§ 1: If you are inherited, you can be sterilized by surgery if, based on the experience of medical science, it is highly likely that your offspring will suffer severe physical or mental inheritance damage.

For this law, a person who is suffering from one of the following diseases is a hereditary disease:

  • congenital idiocy

  • schizophrenia

  • circular insanity

  • hereditary epilepsy

  • hereditary St. Vitus dance

  • hereditary blindness

  • hereditary deafness

  • severe hereditary physical malformation.

  • Furthermore, those who suffer from severe alcoholism can be rendered sterile [2, 11].

Reichs committee and T4 action

By decree of the Ministry of the Interior of August 18, 1939, midwives, obstetricians, nurses, and other doctors involved were obliged to report all children with “congenital malformations and mental underdevelopment” to the responsible health authority up to the age of 3. The sheets were sent to the “Reichsausschuss zur wissenschaftlichen Erfassung von erb- und anlagebedingten schweren Leiden” (Reichs Committee for the Scientific Assessment of Hereditary Serious Sufferings“ (RA). There the pediatricians Werner Catel from Leipzig (1891-1981), Hans Heinze from Brandenburg-Görde (1895-1983), and Ernst Wentzler from Berlin (1891-1973) assessed with “enthusiasm and conviction”.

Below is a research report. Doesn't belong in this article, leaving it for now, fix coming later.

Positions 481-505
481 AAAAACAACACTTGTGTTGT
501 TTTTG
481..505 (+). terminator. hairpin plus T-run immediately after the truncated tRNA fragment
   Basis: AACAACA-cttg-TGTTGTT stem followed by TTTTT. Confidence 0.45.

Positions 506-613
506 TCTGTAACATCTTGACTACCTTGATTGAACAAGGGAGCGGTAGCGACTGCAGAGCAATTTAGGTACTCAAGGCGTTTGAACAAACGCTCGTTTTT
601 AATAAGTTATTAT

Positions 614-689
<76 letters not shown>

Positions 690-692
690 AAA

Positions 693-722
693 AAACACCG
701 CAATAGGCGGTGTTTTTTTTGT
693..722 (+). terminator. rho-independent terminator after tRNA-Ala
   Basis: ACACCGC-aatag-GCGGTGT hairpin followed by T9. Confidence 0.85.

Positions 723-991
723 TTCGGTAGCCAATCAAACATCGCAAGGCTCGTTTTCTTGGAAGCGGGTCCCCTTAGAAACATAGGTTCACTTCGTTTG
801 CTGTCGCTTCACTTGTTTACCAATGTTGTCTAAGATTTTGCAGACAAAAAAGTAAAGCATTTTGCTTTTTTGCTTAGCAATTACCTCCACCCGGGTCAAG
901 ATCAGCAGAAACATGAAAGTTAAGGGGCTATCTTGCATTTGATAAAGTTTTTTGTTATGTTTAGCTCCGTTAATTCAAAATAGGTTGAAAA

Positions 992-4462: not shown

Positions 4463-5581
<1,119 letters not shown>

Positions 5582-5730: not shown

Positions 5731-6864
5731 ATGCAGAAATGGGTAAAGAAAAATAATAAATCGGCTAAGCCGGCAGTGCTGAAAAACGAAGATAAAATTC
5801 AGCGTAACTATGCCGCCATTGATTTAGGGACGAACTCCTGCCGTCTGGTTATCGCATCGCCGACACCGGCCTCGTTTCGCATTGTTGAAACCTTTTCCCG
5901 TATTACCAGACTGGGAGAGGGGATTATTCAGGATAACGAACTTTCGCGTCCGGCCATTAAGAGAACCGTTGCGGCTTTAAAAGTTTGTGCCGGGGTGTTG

Independently of this, children and adolescents cared for in medical and nursing homes were also included in the “Action T4”, the systematic murder of mentally ill and disabled people, which was carried out independently of the RA procedure. In a personal letter dated September 1, 1939, Adolf Hitler had ordered SS doctor Karl Brandt and Reichsleiter of the NSDAP Philipp Bouhler to organize the killing of severely disabled people, which he cynically described as “death by grace”. The children who were positively reported by the RA and T4 experts were transferred to so-called children’s departments under the pretext of getting into “facilities for the best care and the possibilities of modern therapies”. From there, many of them were transported under great secrecy in killing facilities such as Grafeneck, Hadamar, Bernburg, Brandenburg-Görde, and Pirna-Sonnenstein, or murdered directly by administering high-dose barbiturates or morphine, sometimes also by intracardiac injections of phenol [2, 11].